Pay attention to body language. Most dogs and cats will give signs of impending bites. Many groomers, myself included, have been caught unaware and have been bitten. If you find that you have difficulty reading their body language, classes in behavior and handling techniques are available at many trade shows.

Use quick releases. There are two versions. One has the quick release built into the loop itself, and the other connects the loop to the grooming arm. Either works well if you need to release the loop quickly. Never loop a cat. If a cat needs restraining, use a figure-eight harness.

Special care for elderly pets. I use good quality orthopedic mats on the table and hip supports when grooming elderly dogs. They help to reduce stress on arthritic joints. Use caution with the hip supports. Heavy reliance by the pet on them can cause organ damage by prolonged compression. Work quickly or break up the session. Keeping it warmer in winter and cooler in summer benefits everybody.

Keep equipment in arms’ reach. I have mounted drawers under my table where I keep any equipment I need for the pet on the table. I have no tools on the table as the pet may kick it off or step on a sharp object and slice a pad.

No distractions. While I keep my cell phone on me, I do not take calls while grooming. If I am talking on the phone, my full attention is no longer on the pet. I may miss an indication of a bite or distress on the part of the pet.

Equipment safety. These are the two best pieces of advice I received as a newbie groomer: know where the tips of my scissors are at all times and where body parts begin and end. (Thanks, Terry and Beth!) Check the clipper blade temperature frequently while clipping. When the blades are too hot, swap them out and place on a piece of ceramic tile to cool.

Special note about cats: Cats can stress fairly quickly, so check for dilated pupils and heavy panting. Break up the grooming session if necessary. Keep in mind that stressors for cats include dogs and other cats.


Provide a stress-free atmosphere. Employee strife leads to a stressful work environment for both pet and employee. Pets can pick up on our moods and react accordingly. Providing locked toolboxes, as well as letting go of a groomer that is instigating the disturbances, may resolve some issues. Pets also respond to music. Jarring, high-energy music that may appeal to us may agitate the pets in your care.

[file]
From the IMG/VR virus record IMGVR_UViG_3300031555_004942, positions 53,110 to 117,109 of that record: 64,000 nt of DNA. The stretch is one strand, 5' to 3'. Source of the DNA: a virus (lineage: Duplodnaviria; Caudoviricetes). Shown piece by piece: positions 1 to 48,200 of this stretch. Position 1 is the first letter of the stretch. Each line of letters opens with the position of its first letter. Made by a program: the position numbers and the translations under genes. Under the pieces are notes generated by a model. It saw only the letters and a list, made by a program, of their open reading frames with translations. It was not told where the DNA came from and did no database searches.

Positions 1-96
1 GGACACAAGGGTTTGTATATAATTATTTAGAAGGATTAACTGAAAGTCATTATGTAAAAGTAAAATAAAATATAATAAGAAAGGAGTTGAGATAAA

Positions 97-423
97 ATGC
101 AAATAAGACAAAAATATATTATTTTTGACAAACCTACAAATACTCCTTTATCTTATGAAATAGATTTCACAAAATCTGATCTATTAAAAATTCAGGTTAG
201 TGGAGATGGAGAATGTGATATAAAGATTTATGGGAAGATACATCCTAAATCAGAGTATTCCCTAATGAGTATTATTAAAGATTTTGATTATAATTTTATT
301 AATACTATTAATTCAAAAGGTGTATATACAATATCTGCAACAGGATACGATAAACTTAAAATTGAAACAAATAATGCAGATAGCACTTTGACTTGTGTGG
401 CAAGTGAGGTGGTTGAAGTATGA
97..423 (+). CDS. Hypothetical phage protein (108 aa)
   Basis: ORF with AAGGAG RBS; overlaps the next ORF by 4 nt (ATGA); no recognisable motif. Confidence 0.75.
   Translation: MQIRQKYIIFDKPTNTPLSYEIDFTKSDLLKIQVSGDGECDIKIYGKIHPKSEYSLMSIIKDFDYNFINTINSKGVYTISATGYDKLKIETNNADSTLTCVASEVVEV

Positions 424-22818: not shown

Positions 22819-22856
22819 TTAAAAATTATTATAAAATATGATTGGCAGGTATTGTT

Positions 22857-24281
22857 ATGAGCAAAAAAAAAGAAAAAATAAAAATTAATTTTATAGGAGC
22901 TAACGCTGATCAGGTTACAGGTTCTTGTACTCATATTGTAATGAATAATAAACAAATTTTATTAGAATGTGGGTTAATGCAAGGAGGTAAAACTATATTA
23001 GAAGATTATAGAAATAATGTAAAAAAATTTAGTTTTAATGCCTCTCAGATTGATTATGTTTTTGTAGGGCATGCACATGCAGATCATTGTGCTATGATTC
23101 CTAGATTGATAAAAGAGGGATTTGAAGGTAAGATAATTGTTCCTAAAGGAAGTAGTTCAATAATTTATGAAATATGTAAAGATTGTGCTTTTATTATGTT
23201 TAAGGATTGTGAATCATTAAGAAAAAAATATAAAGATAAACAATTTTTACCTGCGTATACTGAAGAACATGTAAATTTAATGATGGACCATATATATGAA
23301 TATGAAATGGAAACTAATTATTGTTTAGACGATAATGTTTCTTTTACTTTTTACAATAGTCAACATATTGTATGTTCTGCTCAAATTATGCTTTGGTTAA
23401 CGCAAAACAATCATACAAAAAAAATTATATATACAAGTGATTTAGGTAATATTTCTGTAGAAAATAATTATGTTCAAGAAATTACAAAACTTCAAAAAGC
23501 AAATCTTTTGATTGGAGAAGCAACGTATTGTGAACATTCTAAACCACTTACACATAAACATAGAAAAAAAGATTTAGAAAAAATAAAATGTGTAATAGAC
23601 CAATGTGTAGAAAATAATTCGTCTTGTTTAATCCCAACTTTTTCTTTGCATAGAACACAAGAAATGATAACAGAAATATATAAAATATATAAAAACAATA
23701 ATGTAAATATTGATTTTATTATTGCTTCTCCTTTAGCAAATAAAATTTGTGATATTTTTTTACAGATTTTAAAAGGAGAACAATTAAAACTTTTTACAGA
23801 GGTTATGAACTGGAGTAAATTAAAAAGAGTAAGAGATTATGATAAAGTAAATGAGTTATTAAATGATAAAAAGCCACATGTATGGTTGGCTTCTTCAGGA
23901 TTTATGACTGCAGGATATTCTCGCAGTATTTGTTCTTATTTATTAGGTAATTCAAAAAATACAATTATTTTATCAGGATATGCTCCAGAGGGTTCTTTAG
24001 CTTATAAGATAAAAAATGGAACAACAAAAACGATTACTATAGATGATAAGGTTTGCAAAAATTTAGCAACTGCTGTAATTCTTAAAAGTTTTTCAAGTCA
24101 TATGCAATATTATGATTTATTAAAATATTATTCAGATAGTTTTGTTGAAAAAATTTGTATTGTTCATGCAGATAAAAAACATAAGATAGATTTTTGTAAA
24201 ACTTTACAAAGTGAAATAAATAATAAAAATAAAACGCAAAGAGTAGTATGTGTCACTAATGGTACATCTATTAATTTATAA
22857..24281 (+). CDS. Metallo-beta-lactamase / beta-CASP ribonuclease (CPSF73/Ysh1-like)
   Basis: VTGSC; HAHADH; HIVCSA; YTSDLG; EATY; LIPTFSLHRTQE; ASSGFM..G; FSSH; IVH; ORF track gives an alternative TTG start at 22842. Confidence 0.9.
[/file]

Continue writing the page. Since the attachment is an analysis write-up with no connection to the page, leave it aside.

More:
Prominently install video cameras. Laws will vary from state to state as to where you cannot place them. A live feed on your website is a great marketing tool. Having video will also resolve any disputes regarding injury or employee issues.

Prevent sun glare. I used to work in a shop that had a beautiful picture window. The only problem with it was when the sun was shining directly in, it made it hard to see what you were grooming as well as dramatically increased the interior temperature. The problem was solved when the owner installed a tinted film.

Put safety protocols in place. Place MSDS, emergency and disaster procedures, and other safety guidance documents in an easy-to-find binder. Make sure all employees are familiar with it. Every six months, check that the batteries are fresh in the smoke and carbon monoxide detectors, the fire extinguisher is charged, and the first aid kit is fully stocked. Install GFI outlets. Water blown off by high-velocity dryers into the outlets can trip the breakers.

Keep equipment in good repair. Check blades for broken teeth and discard. Clean and oiled scissors and blades last longer and cut better. Cleaning the filters on your dryers and vacuums on a regular basis will protect the motor. Wrapping up cords will prevent trip and falls. Clean and disinfect equipment, tabletops, loops, and leads between pets. Store bandanas and bows in storage containers to prevent cross contamination due to flying hair and other debris.

Keep it clean. Air cleaners work to remove bacteria from the air. There are units designed for buildings and others for small spaces. Avoid the ones that use ozone. The EPA has determined that they are unhealthy for people. Tidy up between pets and clean at the end of the day, including dumping the garbage and vacuums.

In part three of this series, the focus will be the bathing area. ✂